Hi everyone, thank you for reading. This is the first thing I have posted here (or anywhere) and appreciate any and all criticism. I wrote this over the last few days, and have a fairly good idea where the story is going. I'm wondering a few things: how does the first person present work, and how long would you expect the whole piece to be based off the style (pace) of this opening? It is about 800 words, thanks again.
I am drowning in an ocean of time, surrounded by unbroken waves burned golden from years of shifting uneasily beneath the sun. It is here in the eastern Sahara the worn down mountains of the world accumulate as sand and labor in futility to rebuild themselves.
I too was carried here by the wind, one of four weary reporters in a government transport helicopter leading a small press convoy to Bani Walid. The city of 85 thousand is an hour southeast of the capitol Tripoli, and days worth of travel away from my perpetually vacant apartament in the suburbs of Boston. Unlike lawyers, plumbers and accountants, my current residence is not determined by "where" but "what". Right now "what" is happening in the Middle East.
Growing signs of unrest over the past week have pointed at Libya as the next domino to fall to democracy, and nearly every journalist in the region has left the dying coals of Egypt to warm themselves by a new fire. The "Arab Spring" stretched lazily over the months of June and July, and the shortening days of August seem to be obscuring a sinister truth across the border as rebel forces begin to gather. I have seen it before, peaceful revolt in the summer is turned to war by the harshness of fall.
I am seated on the far left next to David Cambell, a friend of mine working out of Cairo. We get along well enough but talking now is sensless, the noise of the rotor chops our words into pieces and sends them fluttering out into the parched air. Twenty minutes into the flight my eyes have settled on our shadow as it rolls along the dunes, flickering when it passes over each crest and easing my nerves by testifying to our distance from the earth.
A pull on my shoulder brings my attention back inside the helicopter. The hand belongs to the co-pilot and moves slowly towards the front of the cockpit. He extends a finger, my eyes follow its direction through the weathered glass to a group of stationary vehicles atop a ridge to the northwest.
Three or four cars are nestled between outcroppings of rock, they appear abandoned from our height, but even New York City looks like an ant-hill from the sky. The hand dives downward to the right in a swooping motion and I nod, checking my harness and camera bag then bracing for the pitch. As we begin to take our new path around the ridge I focus again on our shadow, growing as we descend.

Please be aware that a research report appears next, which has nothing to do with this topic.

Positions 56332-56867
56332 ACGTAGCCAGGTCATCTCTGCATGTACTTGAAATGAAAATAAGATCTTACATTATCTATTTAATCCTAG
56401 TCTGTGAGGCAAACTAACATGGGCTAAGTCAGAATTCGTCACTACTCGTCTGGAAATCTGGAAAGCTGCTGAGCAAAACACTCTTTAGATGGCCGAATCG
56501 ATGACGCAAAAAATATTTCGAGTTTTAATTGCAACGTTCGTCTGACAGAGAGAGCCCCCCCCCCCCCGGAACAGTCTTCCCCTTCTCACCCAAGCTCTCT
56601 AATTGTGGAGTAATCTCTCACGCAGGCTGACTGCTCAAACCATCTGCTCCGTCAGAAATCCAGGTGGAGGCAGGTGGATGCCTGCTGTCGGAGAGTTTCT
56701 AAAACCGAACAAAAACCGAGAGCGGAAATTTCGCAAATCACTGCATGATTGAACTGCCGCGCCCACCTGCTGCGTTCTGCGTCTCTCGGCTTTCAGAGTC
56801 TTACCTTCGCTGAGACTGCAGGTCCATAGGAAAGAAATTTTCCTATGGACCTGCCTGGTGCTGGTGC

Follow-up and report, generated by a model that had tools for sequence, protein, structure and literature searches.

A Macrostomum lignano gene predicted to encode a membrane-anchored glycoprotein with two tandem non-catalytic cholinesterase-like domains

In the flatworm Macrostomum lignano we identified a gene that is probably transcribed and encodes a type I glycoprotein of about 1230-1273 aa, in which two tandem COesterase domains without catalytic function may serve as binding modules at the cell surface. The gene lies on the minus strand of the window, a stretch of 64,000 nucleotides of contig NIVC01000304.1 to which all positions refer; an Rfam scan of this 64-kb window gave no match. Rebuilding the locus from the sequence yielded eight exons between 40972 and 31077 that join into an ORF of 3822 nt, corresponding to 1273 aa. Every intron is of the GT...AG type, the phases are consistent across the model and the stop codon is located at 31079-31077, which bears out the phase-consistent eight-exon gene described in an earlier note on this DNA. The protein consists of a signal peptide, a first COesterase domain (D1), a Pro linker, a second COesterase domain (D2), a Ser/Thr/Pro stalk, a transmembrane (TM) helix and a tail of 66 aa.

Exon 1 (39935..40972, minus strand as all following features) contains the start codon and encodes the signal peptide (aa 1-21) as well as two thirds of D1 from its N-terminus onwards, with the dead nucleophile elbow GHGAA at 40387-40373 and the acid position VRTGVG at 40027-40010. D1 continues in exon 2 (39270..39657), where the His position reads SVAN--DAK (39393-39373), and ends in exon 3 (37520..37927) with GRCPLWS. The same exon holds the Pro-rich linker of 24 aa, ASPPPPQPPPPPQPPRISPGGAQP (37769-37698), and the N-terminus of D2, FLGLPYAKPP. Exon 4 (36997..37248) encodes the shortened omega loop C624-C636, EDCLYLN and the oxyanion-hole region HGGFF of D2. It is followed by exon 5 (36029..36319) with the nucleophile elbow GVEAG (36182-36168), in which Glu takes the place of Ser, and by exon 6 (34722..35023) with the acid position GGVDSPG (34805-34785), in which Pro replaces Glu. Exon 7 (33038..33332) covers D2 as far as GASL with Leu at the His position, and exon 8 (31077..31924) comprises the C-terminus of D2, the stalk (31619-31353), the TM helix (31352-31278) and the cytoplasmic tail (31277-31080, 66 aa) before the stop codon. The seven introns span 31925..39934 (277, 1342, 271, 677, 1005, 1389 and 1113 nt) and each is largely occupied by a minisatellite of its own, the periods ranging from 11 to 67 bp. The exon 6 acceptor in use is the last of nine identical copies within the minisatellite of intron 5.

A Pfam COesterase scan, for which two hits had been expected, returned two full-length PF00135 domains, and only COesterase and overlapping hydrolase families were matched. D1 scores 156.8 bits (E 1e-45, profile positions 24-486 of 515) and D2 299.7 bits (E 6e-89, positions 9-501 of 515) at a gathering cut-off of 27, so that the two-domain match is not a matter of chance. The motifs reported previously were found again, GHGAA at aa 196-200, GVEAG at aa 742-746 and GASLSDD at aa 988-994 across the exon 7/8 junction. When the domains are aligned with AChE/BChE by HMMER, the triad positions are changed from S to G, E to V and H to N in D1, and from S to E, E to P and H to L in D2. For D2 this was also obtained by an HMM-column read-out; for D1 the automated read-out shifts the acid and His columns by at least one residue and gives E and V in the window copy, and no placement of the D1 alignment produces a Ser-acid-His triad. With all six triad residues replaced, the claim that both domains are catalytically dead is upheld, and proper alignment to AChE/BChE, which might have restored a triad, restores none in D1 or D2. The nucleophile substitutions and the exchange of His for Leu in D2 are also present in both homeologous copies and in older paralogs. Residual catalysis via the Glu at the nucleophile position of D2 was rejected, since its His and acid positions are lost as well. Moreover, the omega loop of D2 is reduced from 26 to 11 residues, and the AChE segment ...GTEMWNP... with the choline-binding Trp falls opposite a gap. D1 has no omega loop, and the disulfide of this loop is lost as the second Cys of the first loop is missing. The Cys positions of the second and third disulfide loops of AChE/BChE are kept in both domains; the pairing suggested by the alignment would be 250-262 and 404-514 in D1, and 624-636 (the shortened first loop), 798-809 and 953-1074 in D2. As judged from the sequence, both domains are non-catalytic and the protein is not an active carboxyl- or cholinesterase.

Out of nothing comes the explosion. The RPG was soundless under the roar of the blades and suddenly behind me a boiling void exists where the tail had been. I look to the right; David has fallen forward, his head in his lap like a folding chair in the storage position. The earth spins rapidly and begins to pull us down.
With each turn I catch a frantic glimpse of the ground and our shadow is larger than before. It rotates, spreading across the sand trying to contort itself into any recognizeable shape. The blackness morphs into one monstrosity after another until it fills my vision, eventually it meets my eyes and I see nothing.
I float, drifting along the surface of the ground as two men pull my arms. My body creates a small wake of sand cascading to either side, a streak of crimson leading away from the smoldering corpse of the helicopter. The desert drinks greedily without thanks.
Blinded by a flash of white I can only assume I have arrived in heaven. A sheepish look upwards to meet my maker reveals only a dark haired youth of around sixteen; bronze ammunition wrapping his thin waist, a rifle slung over a bony shoulder and my Nikon D5100 cradled in his hands.
The older men holding me each have one hand under my armpits, another in front of them, thumbs up. The boy returns the camera to his face and starts to count. Panic seizes me, not from the guns or the blood or the crash but the lens. The instruments of war are nothing compared to the instruments of time.
I plan on righting all of my wrongs before dying, hoping that despite what I am now history will at least remember me as a neutral man. But the camera captures me, a photograph binding me forever in the moment. No matter how I change, this present will continue to exist in the lens. The boy is compiling proof of my sins.
I try to prepare myself, fighting the haze of the crash. Somewhere in the long forgotten depths of my memory a professor is lecturing: "The first rule of T.V. journalism is..."
Captured and dying I smile for the camera.